Sunday, September 22, 2013

Australia 2013 | Kakadu National Park & Yellow Water Cruise #NTAustraliaSG

Kakadu National Park was the first national park we visited in Northern Territory, Australia. About 3 hours drive away from Darwin city centre, Kakadu National Park is pretty huge. It covers an area of 19,804 km2, which is nearly half the size of Switzerland!

Kakadu National Park represents nature on a grand scale and contains vast floodplains, meandering river systems, teeming billabongs, towering escarpments and majestic waterfalls. Wildlife abounds from millions of migratory birds to the mighty saltwater crocodiles. It has a dual World Heritage listing for both its natural beauty and its preservation of the unique Aboriginal culture. Like many of the other national parks in Australia, it is owned and jointly run by the Aboriginal people. The Aboriginal people of Kakadu are known as Binunj {pronounced bin-ing} / Mungguy {pronounced Moong-gooy}

Aboriginal people have called Kakadu home for some 50,000 years and this is reflected in the significant rock art sites of Nourlangie and Ubirr. Today, Aboriginal culture and traditions are alive and well preserved in the Park, where a permanent Aboriginal population continues to live according to their law.

The secret to discovering Kakadu is to take your time. With time comes stories, secrets and sights never imagined. It is impossible to discover the full beauty of the park in a fleeting visit and recommended stay is actually 3-5 days. However, as with most travel, time is of the essence and we spent just 2 days covering the major attractions - Nourlangie Rock, Yellow Water Cruise, Warradjan Aboriginal Cultural Centre and Ubirr Rock.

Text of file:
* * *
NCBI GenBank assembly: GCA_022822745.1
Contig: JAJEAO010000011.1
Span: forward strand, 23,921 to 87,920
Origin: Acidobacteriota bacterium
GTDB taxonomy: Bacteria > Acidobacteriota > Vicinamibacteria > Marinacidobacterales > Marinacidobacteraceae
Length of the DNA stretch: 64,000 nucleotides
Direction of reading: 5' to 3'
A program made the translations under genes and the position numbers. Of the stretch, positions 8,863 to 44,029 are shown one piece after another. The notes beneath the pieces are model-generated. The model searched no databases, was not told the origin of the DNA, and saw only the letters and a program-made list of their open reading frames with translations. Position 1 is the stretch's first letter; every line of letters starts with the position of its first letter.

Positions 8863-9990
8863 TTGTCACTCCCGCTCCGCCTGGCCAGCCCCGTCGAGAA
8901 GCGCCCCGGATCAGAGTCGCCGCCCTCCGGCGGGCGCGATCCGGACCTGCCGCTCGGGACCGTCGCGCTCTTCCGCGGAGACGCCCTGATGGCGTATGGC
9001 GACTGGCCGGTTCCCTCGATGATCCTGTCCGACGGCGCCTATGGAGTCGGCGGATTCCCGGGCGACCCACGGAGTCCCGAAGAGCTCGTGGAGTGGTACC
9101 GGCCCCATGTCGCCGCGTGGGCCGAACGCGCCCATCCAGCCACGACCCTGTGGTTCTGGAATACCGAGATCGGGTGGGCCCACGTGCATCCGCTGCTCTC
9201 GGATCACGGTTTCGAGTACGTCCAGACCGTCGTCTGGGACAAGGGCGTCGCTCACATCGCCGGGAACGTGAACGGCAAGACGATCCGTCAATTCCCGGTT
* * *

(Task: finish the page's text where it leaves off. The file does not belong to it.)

Nourlangie features a 1.5km circular walk that takes you past ancient Aboriginal shelters and several beautiful rock art sites, the most impressive of all is the Anbangbang {pronounced arn-barng-barng} Gallery. Hand-painted images of the Rainbow Serpent {a Creation Ancestor in Aboriginal culture}, mischievous Mimi spirits and other mythical Aboriginal creatures line the rock walls to serve as a lesson or a warning to the young or to those passing through the area. Some of these paintings are andjaman {sacred & dangerous} and can only be seen by the Aboriginal seniors; others can be seen by all people.

The climb up to Gun-warddehwardde Lookout is pretty steep, and would likely be very tedious for the small ones. I can so imagine Lil Pumpkin saying "carry me! carry me!" 15 minutes into the climb :P It does provide an impressive view of overlooking the rest of Kakadu though. The whole walk around Nourlangie Rock took us about 2 hours. 

After Nourlangie, we stayed over at Gagudju Lodge Cooinda which has comfortable chalet-like rooms, tent sites, powered van sites, bistro, restaurant, pool, mini-mart {sells souvenirs, stamps, baby food etc.} and internet cafe. This accommodation offered short, easy access to the Yellow Water Cruise, which we had to wake up early in the morning for the next day. Reservations are recommended as this is a popular accommodation site in Kakadu.
Just before sunrise the next day, we made our way to Yellow Water, which is part of the South Alligator River floodplain to take a 2 hours cruise. The Yellow Water Cruise operates throughout the year with excellent guides {I'm so amazed at their ability to spot the various animals!} and provides a marvellous opportunity to see the varied wildlife e.g. crocodiles, whistling ducks, kingfishers, magpie geese of Kakadu's wetlands. As you can see from the first picture, the colours and natural beauty that greeted us was just breathtaking and so surreal.